THE Church of England Pensions Board has welcomed the declaration last week by the chief executive of Shell, Ben van Beurden, that the oil giant will now “rise to the challenge” set by a court ruling in The Hague that it must cut its worldwide net carbon emissions by 45 per cent, compared with its 2019 output.
The Board said in a statement on Wednesday of last week: “This is consistent with the discussions we have been having and continue to have with the company since the AGM, in response to the court ruling, the publication of the new International Energy Agency 1.5C net zero scenario, and the Climate Action 100+ assessment of Shell.”
The Board pledges that it will continue to engage with Shell on the implications, and how accelerating its plans will enable the company to meet the requirements of the CA100+ Net Zero Company Benchmark by 2023. “It also underlines the importance that we must all work to decarbonise the real economy to reshape energy demand and ensure all companies — energy companies and all their customers in shipping, aviation, transport, road haulage, power generation, and elsewhere — are aligning to net zero.”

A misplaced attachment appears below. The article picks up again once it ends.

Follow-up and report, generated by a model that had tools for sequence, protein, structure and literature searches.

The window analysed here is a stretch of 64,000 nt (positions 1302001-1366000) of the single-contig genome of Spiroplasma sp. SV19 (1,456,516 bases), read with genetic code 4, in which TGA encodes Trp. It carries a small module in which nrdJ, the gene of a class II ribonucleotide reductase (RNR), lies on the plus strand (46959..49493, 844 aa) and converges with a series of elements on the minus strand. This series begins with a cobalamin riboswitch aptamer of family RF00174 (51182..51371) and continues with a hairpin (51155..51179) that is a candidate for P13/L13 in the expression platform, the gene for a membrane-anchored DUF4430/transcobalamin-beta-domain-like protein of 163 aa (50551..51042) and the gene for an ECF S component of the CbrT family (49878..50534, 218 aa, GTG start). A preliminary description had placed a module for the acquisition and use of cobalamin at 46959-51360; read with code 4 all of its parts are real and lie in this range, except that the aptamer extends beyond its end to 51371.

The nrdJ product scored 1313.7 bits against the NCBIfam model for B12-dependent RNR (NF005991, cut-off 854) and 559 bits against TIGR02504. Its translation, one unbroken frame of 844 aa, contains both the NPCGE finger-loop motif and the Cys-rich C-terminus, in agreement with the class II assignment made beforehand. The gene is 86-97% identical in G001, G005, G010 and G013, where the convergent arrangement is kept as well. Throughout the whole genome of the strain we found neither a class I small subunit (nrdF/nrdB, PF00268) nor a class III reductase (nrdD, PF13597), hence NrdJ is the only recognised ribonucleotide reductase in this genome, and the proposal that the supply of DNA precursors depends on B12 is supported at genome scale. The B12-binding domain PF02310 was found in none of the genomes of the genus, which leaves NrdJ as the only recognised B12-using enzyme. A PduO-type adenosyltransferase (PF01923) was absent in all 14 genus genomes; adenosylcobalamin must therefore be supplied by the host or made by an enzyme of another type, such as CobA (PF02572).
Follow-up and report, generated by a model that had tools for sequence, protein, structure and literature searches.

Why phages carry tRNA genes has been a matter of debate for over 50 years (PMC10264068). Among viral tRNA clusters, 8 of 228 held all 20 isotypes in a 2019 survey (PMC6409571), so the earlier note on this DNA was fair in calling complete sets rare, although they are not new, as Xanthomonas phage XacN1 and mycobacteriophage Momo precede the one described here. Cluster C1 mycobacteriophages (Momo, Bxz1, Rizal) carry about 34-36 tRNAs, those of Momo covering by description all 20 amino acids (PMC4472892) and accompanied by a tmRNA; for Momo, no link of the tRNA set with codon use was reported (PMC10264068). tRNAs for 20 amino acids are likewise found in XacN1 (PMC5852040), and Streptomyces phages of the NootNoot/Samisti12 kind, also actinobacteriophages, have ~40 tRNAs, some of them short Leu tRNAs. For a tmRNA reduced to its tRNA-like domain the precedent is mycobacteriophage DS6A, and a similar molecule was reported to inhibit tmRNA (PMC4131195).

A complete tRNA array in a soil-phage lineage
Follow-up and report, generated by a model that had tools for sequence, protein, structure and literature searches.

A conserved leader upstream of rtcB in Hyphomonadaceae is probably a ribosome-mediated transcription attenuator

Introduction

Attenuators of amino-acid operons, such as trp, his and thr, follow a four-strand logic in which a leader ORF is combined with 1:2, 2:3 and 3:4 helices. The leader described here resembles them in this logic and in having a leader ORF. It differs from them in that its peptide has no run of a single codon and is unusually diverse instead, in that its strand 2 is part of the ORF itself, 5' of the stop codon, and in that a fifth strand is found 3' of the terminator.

Responding to the court ruling last month, Mr van Beurden said that he was surprised by the verdict. Shell, he said, had “set the pace in our industry by taking responsibility for reducing all our carbon emissions: not just those we produce ourselves, but also those produced when our customers use the energy products we sell”.
He expects Shell to appeal against the judgment. “I still feel disappointed that Shell is being singled out by a ruling that I believe does not help reduce global carbon-dioxide emissions; but, along with my colleagues, I feel something else: a determination to rise to the challenge. If we look beyond this court case, it’s clear we all have the same goal. . .
“We may disagree with this order, but we will continue to embrace the leading role we must play in helping to develop a low-carbon energy system. This is another challenge we will rise to.”